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[welsh, welch] /wɛlʃ, wɛltʃ/
verb (used without object), Informal: Sometimes Offensive.
to cheat by failing to pay a gambling debt:
You aren't going to welsh on me, are you?
to go back on one's word:
He welshed on his promise to help in the campaign.
Also, welch.
Origin of welsh
1855-60; perhaps special use of Welsh
Related forms
welsher, noun
Usage note
Use of this verb is sometimes perceived as insulting to or by the Welsh, the people of Wales. However, its actual origin may have nothing to do with Wales or its people; in fact, the verb is also spelled welch. Unabridged
Based on the Random House Dictionary, © Random House, Inc. 2015.
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Examples from the Web for welsher
Historical Examples
  • The boy hung his head, but looked sulky rather than thankful for his brother's interference with himself and the welsher.

    Under Two Flags Ouida [Louise de la Ramee]
  • Well, I tows her into the boss's office, feelin' as mean as a welsher.

    Torchy Sewell Ford
  • Does the reader know what is a “welsher”—the creature against whose malpractices the sporting public are so emphatically warned?

    The Seven Curses of London James Greenwood
  • "Why, it is a fleecing of one," retorted the welsher savagely, even amid his successes.

    Under Two Flags Ouida [Louise de la Ramee]
  • He knows every rook and welsher and every swell magsman, and all their haunts and habits.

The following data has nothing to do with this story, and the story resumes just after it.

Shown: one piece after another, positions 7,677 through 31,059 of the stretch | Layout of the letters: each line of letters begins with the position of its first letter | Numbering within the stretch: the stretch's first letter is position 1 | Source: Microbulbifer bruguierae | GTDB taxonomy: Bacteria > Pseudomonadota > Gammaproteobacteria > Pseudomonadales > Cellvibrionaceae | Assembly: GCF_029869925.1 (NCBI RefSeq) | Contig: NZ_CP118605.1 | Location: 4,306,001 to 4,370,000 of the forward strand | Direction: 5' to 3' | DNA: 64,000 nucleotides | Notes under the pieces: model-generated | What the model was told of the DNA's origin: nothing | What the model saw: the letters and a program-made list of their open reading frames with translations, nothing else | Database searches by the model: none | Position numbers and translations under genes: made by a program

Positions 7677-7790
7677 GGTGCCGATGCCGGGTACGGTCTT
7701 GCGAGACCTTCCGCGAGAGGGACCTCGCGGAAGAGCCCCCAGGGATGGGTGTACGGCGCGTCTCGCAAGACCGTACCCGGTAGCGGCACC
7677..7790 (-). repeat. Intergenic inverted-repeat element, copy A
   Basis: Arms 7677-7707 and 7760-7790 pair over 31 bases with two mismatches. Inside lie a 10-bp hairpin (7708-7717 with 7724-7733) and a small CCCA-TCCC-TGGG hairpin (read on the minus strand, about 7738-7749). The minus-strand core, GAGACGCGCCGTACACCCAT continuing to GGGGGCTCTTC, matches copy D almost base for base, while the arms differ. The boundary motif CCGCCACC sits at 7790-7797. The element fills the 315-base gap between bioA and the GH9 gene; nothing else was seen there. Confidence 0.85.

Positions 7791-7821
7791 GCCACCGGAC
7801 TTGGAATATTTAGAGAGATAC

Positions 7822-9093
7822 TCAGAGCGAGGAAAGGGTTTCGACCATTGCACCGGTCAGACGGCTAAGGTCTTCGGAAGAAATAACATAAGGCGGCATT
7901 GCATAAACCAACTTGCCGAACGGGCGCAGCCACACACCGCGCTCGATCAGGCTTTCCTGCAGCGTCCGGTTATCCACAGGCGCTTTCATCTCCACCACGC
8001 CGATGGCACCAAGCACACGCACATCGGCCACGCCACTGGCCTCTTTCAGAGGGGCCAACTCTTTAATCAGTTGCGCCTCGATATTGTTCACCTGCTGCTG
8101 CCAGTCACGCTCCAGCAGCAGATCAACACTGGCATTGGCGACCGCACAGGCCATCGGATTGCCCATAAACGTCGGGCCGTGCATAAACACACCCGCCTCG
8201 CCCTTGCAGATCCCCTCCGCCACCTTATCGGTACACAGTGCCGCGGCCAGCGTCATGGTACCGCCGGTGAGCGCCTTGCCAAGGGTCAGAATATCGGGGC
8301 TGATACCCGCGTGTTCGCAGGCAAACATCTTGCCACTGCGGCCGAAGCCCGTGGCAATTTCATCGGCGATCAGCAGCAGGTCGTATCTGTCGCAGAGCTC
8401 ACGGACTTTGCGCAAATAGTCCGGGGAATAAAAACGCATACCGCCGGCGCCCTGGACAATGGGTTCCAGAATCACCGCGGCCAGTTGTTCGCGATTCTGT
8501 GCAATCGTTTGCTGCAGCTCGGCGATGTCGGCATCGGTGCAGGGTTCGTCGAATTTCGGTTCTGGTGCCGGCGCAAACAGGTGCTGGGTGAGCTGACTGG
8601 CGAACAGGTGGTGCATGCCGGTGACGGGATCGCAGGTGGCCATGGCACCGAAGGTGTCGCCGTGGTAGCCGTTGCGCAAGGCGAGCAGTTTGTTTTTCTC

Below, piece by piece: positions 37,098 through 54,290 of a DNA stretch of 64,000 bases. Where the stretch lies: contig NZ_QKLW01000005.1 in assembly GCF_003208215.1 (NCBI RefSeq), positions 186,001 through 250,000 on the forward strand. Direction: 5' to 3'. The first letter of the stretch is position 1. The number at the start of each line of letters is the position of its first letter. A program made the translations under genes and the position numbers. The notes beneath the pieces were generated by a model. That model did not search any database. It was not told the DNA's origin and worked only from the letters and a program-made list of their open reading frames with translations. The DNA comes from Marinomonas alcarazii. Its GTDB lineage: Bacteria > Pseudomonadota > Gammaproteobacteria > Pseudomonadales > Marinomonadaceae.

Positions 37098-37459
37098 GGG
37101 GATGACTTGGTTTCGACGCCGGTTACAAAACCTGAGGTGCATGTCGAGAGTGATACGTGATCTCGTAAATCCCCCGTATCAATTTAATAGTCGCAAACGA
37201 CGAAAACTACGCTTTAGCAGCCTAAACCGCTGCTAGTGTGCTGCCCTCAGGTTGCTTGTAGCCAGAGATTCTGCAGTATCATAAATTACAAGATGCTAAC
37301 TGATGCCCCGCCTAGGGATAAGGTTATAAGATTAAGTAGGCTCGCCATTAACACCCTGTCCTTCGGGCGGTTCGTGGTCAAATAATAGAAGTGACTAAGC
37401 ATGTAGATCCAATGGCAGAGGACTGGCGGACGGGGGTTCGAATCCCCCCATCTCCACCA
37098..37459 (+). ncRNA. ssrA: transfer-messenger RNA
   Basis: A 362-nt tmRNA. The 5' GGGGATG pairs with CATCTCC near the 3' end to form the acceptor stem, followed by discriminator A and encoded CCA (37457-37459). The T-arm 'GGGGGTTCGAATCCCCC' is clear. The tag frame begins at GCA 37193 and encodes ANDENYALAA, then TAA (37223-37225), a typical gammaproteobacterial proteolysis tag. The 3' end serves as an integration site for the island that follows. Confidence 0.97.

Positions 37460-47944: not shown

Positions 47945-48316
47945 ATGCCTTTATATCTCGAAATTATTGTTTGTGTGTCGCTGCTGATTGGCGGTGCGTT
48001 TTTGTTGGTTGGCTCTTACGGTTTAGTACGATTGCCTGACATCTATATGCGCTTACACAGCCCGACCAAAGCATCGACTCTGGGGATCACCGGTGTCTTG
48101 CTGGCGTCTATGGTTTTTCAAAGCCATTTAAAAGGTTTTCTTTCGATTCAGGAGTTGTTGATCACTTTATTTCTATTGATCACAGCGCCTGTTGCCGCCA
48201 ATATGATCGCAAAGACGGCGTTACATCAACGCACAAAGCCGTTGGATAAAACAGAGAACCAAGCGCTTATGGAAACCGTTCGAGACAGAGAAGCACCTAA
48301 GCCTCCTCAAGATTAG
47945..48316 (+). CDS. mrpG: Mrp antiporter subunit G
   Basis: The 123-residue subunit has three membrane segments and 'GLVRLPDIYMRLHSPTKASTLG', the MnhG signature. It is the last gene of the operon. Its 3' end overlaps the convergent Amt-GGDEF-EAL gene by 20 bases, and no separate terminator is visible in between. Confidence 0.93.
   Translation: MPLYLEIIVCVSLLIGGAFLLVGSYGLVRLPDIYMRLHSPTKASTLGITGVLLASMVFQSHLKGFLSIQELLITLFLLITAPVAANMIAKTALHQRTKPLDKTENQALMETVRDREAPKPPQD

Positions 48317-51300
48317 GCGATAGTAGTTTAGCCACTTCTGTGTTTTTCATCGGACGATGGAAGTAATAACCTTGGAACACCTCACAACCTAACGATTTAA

Half A Chance Frederic S. Isham
  • Would you yourself, if you had chased a pickpocket or a welsher for half a mile, mistake his identity five minutes afterwards?

British Dictionary definitions for welsher


verb (slang) (intransitive) often foll by on
to fail to pay a gambling debt
to fail to fulfil an obligation
Derived Forms
welsher, welcher, noun
Word Origin
C19: of unknown origin


of, relating to, or characteristic of Wales, its people, their Celtic language, or their dialect of English
a language of Wales, belonging to the S Celtic branch of the Indo-European family. Welsh shows considerable diversity between dialects
(functioning as pl) the Welsh, the natives or inhabitants of Wales collectively
Also (rare) Welch
Word Origin
Old English Wēlisc, Wǣlisc; related to wealh foreigner, Old High German walahisc (German welsch), Old Norse valskr, Latin Volcae


a white long-bodied lop-eared breed of pig, kept chiefly for bacon
Collins English Dictionary - Complete & Unabridged 2012 Digital Edition
© William Collins Sons & Co. Ltd. 1979, 1986 © HarperCollins
Publishers 1998, 2000, 2003, 2005, 2006, 2007, 2009, 2012
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Word Origin and History for welsher


Old English Wilisc, Wylisc (West Saxon), Welisc, Wælisc (Anglian and Kentish), from Wealh, Walh "Celt, Briton, Welshman, non-Germanic foreigner;" in Tolkien's definition, "common Gmc. name for a man of what we should call Celtic speech," but also applied to speakers of Latin, hence Old High German Walh, Walah "Celt, Roman, Gaulish," and Old Norse Valir "Gauls, Frenchmen" (Danish vælsk "Italian, French, southern"); from Proto-Germanic *Walkhiskaz, from a Celtic name represented by Latin Volcæ (Caesar) "ancient Celtic tribe in southern Gaul." The word survives in Wales, Cornwall, Walloon, walnut, and in surnames Walsh and Wallace. Borrowed in Old Church Slavonic as vlachu, and applied to the Rumanians, hence Wallachia.

Among the English, Welsh was used disparagingly of inferior or substitute things, hence Welsh rabbit (1725), also perverted by folk-etymology as Welsh rarebit (1785).

Online Etymology Dictionary, © 2010 Douglas Harper
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Slang definitions & phrases for welsher



Drunk: He happened to be well-oiled, as was usually the case (1900s+)

The Dictionary of American Slang, Fourth Edition by Barbara Ann Kipfer, PhD. and Robert L. Chapman, Ph.D.
Copyright (C) 2007 by HarperCollins Publishers.
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